The Rise of Ceramics in Today’s Post-Pandemic Society

With nano-treatments enhancing hygiene and digital advances supporting replications of virtually any material, ceramics are having their day
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Sponsored by Tile of Spain
By Barbara Horwitz-Bennett

Newer Applications

Breaking out beyond its traditional role as floor tiling, bathrooms, and backsplashes, the industry has rediscovered ceramic as a great choice for kitchen counters. In fact, ceramic’s unique properties, including its heat and acid resistance, make the material very suitable for these applications.

Ceramics sinter at very high temperatures through the manufacturing process, creating a reaction that forever fuses its components into an immutable, homogeneous piece. The relatively insignificant heat of a hot pan or a baking dish straight out of the oven has no effect and can be placed directly onto a ceramic countertop. Frost-resistant as well, ceramic countertops are also suitable for outdoor kitchen spaces.

“With the material qualities of ceramics combined with manufacturing capabilities to produce large format products and recent innovations in surface nano-treatments, ceramics have the potential to become a strong material choice for countertops and work surfaces,” agrees Gwin.

As for durability, ceramics are significantly stronger than granite and almost as hard as quartz. The material’s structure makes it scratch-resistant, allowing users to cut up food right on the surface.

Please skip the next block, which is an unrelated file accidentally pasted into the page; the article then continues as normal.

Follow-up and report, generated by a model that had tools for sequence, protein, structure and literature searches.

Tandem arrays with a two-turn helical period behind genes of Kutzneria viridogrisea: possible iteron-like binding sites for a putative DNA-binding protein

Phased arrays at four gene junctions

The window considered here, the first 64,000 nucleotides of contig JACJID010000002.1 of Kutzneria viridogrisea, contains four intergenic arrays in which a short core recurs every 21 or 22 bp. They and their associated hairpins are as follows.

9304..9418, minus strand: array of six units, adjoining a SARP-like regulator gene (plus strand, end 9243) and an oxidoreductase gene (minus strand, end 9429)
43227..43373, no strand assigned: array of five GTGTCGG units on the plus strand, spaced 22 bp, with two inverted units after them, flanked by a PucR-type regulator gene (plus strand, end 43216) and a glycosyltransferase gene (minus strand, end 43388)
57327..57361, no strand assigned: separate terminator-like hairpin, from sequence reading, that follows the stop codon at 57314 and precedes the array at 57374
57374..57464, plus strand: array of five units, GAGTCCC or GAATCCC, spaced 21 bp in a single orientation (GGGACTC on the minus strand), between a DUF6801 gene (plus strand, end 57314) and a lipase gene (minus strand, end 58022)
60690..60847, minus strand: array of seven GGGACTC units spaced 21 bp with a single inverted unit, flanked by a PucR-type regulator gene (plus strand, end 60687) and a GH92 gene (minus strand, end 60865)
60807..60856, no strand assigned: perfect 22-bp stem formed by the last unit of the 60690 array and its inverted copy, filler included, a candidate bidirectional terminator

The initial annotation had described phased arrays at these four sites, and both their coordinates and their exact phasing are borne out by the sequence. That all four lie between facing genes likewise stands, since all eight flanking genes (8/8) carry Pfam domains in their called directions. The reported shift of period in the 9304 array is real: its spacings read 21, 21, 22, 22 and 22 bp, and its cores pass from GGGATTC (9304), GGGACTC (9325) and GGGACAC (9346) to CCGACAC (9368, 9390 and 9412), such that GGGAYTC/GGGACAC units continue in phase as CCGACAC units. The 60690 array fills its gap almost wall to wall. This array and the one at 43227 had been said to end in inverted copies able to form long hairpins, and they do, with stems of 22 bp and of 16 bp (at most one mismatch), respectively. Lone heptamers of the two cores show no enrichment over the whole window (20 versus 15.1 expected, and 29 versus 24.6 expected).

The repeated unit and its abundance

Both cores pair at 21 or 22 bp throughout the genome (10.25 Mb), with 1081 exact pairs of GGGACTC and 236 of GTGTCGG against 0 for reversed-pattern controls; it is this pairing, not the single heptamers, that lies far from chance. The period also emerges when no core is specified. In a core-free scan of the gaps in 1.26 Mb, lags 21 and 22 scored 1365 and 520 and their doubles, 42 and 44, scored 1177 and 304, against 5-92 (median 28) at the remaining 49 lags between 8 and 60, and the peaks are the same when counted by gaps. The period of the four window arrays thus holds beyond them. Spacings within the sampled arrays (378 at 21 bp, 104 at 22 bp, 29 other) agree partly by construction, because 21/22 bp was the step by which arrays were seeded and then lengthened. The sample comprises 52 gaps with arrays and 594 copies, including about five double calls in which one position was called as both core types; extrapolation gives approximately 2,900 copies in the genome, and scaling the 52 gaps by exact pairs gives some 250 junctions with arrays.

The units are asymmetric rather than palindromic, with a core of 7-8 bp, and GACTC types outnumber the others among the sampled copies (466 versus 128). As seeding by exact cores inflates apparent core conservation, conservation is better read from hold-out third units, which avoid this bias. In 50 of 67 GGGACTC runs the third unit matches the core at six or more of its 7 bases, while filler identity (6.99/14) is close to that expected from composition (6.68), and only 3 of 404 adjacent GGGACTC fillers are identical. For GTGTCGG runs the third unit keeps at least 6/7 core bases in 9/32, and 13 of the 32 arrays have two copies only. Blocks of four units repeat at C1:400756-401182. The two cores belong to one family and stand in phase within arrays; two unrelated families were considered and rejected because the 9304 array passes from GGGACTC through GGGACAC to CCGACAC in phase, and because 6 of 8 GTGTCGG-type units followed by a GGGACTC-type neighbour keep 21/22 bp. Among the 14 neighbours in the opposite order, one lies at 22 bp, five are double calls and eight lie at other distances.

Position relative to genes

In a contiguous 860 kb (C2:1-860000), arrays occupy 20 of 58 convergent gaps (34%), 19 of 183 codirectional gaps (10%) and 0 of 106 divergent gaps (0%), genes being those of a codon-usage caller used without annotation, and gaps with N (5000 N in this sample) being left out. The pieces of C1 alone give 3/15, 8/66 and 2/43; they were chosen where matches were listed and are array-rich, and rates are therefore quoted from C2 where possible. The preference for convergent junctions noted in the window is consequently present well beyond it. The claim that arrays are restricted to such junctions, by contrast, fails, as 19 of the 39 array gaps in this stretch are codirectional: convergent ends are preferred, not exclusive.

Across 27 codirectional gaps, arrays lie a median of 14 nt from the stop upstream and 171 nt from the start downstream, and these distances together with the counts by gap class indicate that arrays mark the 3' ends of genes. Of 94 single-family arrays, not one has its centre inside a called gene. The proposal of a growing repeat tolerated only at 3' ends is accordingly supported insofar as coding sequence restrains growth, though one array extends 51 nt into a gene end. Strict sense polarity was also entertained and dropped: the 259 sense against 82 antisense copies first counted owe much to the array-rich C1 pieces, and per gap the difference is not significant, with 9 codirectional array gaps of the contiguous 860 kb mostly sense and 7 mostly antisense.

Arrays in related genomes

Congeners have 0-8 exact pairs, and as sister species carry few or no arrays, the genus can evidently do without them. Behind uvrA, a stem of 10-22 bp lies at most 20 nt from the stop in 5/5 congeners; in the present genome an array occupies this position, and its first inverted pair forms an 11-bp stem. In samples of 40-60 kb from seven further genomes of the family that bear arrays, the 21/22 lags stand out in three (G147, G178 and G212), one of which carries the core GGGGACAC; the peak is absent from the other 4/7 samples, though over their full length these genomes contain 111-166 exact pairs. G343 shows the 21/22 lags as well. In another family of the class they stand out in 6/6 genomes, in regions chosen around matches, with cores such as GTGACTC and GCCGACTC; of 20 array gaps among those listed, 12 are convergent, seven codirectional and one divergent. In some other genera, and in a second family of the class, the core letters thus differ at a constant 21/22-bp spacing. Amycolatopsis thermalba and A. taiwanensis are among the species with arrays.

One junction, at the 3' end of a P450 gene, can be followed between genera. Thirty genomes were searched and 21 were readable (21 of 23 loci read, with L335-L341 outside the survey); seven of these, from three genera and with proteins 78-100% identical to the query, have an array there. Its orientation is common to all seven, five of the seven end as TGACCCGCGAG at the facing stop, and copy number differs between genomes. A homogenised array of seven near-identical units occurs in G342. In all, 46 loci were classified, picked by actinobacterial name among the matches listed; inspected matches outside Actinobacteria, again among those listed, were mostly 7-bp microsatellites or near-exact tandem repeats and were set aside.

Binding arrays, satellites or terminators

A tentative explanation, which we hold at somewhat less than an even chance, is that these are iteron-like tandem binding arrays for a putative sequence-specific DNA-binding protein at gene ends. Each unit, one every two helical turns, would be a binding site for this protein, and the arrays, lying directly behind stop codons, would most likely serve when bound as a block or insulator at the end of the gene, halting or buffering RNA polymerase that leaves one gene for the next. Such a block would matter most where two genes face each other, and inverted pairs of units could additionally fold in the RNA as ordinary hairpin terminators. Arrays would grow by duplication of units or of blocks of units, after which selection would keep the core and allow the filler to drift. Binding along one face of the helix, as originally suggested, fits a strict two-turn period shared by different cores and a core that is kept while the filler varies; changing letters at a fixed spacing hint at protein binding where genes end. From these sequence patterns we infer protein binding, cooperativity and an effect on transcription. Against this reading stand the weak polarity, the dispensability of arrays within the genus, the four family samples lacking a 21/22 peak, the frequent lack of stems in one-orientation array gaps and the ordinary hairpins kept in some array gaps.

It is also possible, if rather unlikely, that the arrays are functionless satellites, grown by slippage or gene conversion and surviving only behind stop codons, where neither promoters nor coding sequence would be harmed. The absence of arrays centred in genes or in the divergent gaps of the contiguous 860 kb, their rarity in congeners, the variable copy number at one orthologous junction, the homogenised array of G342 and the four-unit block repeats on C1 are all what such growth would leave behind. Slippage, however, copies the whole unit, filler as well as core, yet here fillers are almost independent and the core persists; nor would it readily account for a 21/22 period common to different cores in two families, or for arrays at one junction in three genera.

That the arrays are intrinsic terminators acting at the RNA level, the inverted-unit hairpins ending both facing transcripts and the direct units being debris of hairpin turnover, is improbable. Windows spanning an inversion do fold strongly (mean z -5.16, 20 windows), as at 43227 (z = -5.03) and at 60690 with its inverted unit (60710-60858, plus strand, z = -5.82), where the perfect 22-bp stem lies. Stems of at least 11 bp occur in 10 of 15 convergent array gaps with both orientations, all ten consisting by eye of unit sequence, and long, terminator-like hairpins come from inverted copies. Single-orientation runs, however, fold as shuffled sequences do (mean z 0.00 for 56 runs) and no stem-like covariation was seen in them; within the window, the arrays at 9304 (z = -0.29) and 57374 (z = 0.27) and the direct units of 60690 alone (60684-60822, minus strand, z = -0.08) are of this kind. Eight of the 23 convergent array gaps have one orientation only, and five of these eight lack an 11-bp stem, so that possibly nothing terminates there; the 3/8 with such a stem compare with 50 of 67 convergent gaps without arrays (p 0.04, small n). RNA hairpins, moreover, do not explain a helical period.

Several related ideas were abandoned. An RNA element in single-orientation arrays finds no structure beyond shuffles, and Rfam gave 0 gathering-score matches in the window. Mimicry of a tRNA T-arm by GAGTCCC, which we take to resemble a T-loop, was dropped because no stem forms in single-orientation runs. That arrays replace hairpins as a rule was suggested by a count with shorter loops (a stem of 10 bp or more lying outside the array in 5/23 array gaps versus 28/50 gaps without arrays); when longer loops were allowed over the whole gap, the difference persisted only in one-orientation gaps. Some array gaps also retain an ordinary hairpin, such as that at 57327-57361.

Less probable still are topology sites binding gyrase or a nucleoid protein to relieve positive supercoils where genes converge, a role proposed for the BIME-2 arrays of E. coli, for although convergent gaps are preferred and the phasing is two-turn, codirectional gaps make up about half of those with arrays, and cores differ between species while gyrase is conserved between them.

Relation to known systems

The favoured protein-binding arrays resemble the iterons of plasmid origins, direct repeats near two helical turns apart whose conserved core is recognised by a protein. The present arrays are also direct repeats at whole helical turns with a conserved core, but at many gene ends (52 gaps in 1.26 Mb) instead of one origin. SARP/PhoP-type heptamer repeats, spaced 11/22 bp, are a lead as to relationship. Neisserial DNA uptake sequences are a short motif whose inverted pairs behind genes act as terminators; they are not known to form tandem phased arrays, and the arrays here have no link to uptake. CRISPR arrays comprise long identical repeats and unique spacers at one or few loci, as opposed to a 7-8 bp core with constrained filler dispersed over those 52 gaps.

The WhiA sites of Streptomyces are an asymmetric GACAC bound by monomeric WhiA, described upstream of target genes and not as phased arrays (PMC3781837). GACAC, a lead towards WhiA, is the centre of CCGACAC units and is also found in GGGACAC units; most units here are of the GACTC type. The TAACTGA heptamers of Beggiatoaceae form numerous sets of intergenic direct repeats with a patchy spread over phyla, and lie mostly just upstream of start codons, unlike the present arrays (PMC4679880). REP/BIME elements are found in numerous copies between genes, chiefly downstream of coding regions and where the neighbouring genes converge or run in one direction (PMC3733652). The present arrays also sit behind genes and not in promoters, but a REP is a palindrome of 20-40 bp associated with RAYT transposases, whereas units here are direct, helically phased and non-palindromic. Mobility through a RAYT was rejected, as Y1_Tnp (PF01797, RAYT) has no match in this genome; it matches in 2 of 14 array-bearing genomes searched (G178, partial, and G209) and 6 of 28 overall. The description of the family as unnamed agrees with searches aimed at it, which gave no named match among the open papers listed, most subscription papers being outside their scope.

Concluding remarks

Photo courtesy of Tile of Spain

Heat- and acid-resistant, ceramics are gaining popularity as kitchen counters and islands.

Case in point, M+A Architects recently completed an office project that included a modern café with ceramic countertops. Matte black counters were designed to complement the other built-in elements in the space, and ceramic porcelain slabs were seen as the best way to achieve this vision.

“Ceramic is practical for kitchens,” says Eyink. “Because it’s nonporous, there is no scratching, staining from food spills, or water rings like on softer counter materials. When used in a large format, this reduces the number of seams in the countertops.”

“I expect a huge rise in demand for the industry’s 12mm and 20mm gauged porcelain slabs for worktops especially,” anticipates Fasan. “Some of the key innovators have found ways to decorate the edge of the slabs and even started offering full-body technical designs, where, for example, a marble vein will run continuously through the body, alleviating the only common complaint that edges required hiding in sintered ceramic slabs.”

Nonporous and stain-resistant, the surfaces are easy to clean and UV-resistant. Consequently, unlike quartz, direct and prolonged exposure to sunlight will not damage the surface. Ceramic can be manufactured as extra-large slabs—e.g., 126 inches by 62 inches—so one slab is often sufficient to cover a kitchen island. For larger regular counters, typically only one or two seams are needed. While this may be the case for denser stones like granite and manufactured quartz agglomerates, stones like marble and limestone must be extracted in much smaller slabs.

A ceramic countertop can be as thin as ¼ inch, making it even lighter weight and easier to handle.

Photo courtesy of Tile of Spain

Ceramic can be manufactured as extra-large slabs—e.g., 126 inches by 62 inches—so one slab is often sufficient to cover a kitchen island.

In the realm of style, the interplay between smaller and larger format tiles are offering architects and interior designers a broad palette with which to create. In some cases, the smaller, more traditional look might be desired. Or, if the design intent is to emulate the look of natural stone or other large slab materials, then the large format slabs would be of interest.

“Large format tiles have been very popular for both kitchen and bath, and our installers are happy when we specify the product,” Sacramento, California-based designer Kerrie Kelly recently told Forbes in an article entitled “7 Top Tile Trends and Styles for 2021.”